IPFIX Working Group B. Claise
Internet-Draft Cisco Systems, Inc.
Intended status: Standards Track A. Kobayashi
Expires: December 05, 2012 NTT
B. Trammell
ETH Zurich
June 5, 2012

Operation of the IP Flow Information Export (IPFIX) Protocol on IPFIX Mediators


This document specifies the the operation of the IP Flow Information Export (IPFIX) protocol specific to IPFIX Mediators, including Template and Observation Point management, timing considerations, and other Mediator-specific concerns.

Status of this Memo

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Internet-Drafts are working documents of the Internet Engineering Task Force (IETF). Note that other groups may also distribute working documents as Internet-Drafts. The list of current Internet- Drafts is at http://datatracker.ietf.org/drafts/current/.

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This Internet-Draft will expire on December 05, 2012.

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Table of Contents

1. Introduction

The IPFIX architectural components in [RFC5470] consist of IPFIX Devices and IPFIX Collectors communicating using the IPFIX protocol [I-D.ietf-ipfix-protocol-rfc5101bis], which specifies how to export IP Flow information. This protocol is designed to export information about IP traffic Flows and related measurement data, where a Flow is defined by a set of key attributes (e.g. source and destination IP address, source and destination port, etc.).

However, thanks to its Template mechanism, the IPFIX protocol can export any type of information, as long as the relevant Information Element is specified in the IPFIX Information Model [I-D.ietf-ipfix-information-model-rfc5102bis], registered with IANA, or specified as an enterprise-specific Information Element. The specifications in the IPFIX protocol [I-D.ietf-ipfix-protocol-rfc5101bis] have not been defined in the context of an IPFIX Mediator receiving, aggregating, correlating, anonymizing, etc... Flow Records from the one or multiple Exporters. Indeed, the IPFIX protocol must be adapted for Intermediate Processes, as defined in the IPFIX Mediation Reference Model as specified in Figure A of [RFC6183], which is based on the IPFIX Mediation Problem Statement [RFC5982].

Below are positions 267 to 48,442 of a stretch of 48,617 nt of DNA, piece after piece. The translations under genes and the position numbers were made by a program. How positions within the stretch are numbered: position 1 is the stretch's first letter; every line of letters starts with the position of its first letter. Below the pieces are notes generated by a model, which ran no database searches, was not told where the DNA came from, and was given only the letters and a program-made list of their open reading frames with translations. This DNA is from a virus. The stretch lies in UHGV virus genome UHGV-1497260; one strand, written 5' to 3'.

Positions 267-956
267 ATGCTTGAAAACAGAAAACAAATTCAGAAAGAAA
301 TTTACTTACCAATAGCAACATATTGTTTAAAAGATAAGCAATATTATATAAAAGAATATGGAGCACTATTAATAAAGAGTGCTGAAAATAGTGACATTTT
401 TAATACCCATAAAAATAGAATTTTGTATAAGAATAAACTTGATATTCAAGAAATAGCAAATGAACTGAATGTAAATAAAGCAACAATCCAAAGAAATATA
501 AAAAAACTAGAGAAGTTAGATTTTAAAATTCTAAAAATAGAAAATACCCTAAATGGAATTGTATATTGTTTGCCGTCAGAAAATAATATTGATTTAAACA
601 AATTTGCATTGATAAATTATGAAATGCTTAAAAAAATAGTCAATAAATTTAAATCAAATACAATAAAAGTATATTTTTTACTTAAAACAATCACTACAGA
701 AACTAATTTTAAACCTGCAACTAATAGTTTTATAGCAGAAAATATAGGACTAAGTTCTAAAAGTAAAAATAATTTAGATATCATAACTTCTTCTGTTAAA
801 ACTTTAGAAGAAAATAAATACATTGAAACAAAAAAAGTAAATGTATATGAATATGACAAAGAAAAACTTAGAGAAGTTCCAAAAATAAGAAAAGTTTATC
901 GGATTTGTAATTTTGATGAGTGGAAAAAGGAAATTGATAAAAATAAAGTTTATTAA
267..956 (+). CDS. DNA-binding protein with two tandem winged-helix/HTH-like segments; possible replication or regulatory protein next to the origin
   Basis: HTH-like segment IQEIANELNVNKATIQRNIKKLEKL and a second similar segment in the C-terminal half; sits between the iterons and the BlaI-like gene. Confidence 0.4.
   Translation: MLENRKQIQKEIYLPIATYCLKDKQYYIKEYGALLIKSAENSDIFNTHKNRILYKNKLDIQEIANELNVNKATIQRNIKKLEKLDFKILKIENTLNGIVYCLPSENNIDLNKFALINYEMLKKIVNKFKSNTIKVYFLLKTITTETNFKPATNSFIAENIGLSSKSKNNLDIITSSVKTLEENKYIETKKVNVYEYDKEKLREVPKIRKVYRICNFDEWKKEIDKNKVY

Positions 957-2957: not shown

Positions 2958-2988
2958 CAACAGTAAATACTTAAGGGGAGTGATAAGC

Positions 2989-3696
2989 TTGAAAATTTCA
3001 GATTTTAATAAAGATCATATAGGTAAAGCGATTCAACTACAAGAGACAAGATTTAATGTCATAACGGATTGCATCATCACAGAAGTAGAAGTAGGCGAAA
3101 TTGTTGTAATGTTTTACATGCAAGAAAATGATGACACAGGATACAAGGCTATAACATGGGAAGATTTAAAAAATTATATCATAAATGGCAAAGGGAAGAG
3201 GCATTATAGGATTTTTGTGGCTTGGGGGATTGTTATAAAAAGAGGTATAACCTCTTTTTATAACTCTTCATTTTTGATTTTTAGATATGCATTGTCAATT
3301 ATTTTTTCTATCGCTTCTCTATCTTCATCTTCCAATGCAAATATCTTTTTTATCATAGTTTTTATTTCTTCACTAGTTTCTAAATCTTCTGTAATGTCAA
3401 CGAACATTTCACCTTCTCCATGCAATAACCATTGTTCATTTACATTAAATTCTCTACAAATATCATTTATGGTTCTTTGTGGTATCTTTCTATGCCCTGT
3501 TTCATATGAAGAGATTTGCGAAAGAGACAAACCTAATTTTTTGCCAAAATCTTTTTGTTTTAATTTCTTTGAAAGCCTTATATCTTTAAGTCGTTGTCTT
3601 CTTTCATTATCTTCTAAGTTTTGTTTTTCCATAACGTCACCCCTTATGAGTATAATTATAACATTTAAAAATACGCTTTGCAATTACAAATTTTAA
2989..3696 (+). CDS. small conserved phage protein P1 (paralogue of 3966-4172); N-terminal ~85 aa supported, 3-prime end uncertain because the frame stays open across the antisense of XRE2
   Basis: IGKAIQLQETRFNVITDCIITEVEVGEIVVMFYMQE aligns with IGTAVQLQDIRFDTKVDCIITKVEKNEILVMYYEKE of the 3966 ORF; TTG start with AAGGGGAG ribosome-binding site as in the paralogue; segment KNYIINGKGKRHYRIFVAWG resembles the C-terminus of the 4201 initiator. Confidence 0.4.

This document specifies the IP Flow Information Export (IPFIX) protocol in the context of the implementation and deployment of IPFIX Mediators. The use of the IPFIX protocol within a Mediator -- a device which contains both as a Collecting Process and an Exporting Process -- has an impact on the technical details of the usage of the protocol. An overview of the technical problem is covered in section 6 of [RFC5982]: loss of original exporter information, loss of base time information, transport sessions management, loss of Options Template Information, Template Id management, considerations for network considerations for aggregation.

The specifications in this document are based on the IPFIX protocol specifications [I-D.ietf-ipfix-protocol-rfc5101bis] but adapted according to the IPFIX Mediation Framework [RFC6183].

1.1. IPFIX Documents Overview

The IPFIX Protocol [I-D.ietf-ipfix-protocol-rfc5101bis] provides network administrators with access to IP Flow information.

The architecture for the export of measured IP Flow information out of an IPFIX Exporting Process to a Collecting Process is defined in the IPFIX Architecture [RFC5470], per the requirements defined in the IPFIX Requirement doc, [RFC3917].

The IPFIX Architecture [RFC5470] specifies how IPFIX Data Records and Templates are carried via a congestion-aware transport protocol from IPFIX Exporting Processes to IPFIX Collecting Processes.

IPFIX has a formal description of IPFIX Information Elements, their name, type and additional semantic information, as specified in the IPFIX Information Model [I-D.ietf-ipfix-information-model-rfc5102bis].

The IPFIX Applicability Statement [RFC5472] describes what type of applications can use the IPFIX protocol and how they can use the information provided. It furthermore shows how the IPFIX framework relates to other architectures and frameworks.

"IPFIX Mediation: Problem Statement" [RFC5982], describing the IPFIX Mediation applicability examples, along with some problems that network administrators have been facing, is the basis for the "IPFIX Mediation: Framework" [RFC6183]. This framework details the IPFIX Mediation reference model and the components of an IPFIX Mediator.

1.2. IPFIX Mediator Documents Overview

The "IPFIX Mediation: Problem Statement" [RFC5982] provides an overview of the applicability of Mediators, and defines requirements for Mediators in general terms. This document is of use largely to define the problems to be solved through the deployment of IPFIX Mediators, and to provide scope to the role of Mediators within an IPFIX collection infrastructure.

The "IPFIX Mediation: Framework" [RFC6183] provides more architectural details of the arrangement of Intermediate Processes within a Mediator.

The details of specific Intermediate Processes, when these have additional export specifications (e.g., metadata about the intermediate processing conveyed through IPFIX Options Templates), are each treated in their own document (e.g., the "IP Flow Anonymization Support" [RFC6235]). Documents specifying the operations of specific Intermediate Processes cover the operation of these Processes within the Mediator framework, and comply with the specifications given in this document; they may additionally specify the operation of the process independently, outside the context of a Mediator, when this is appropriate. As of today, these documents are: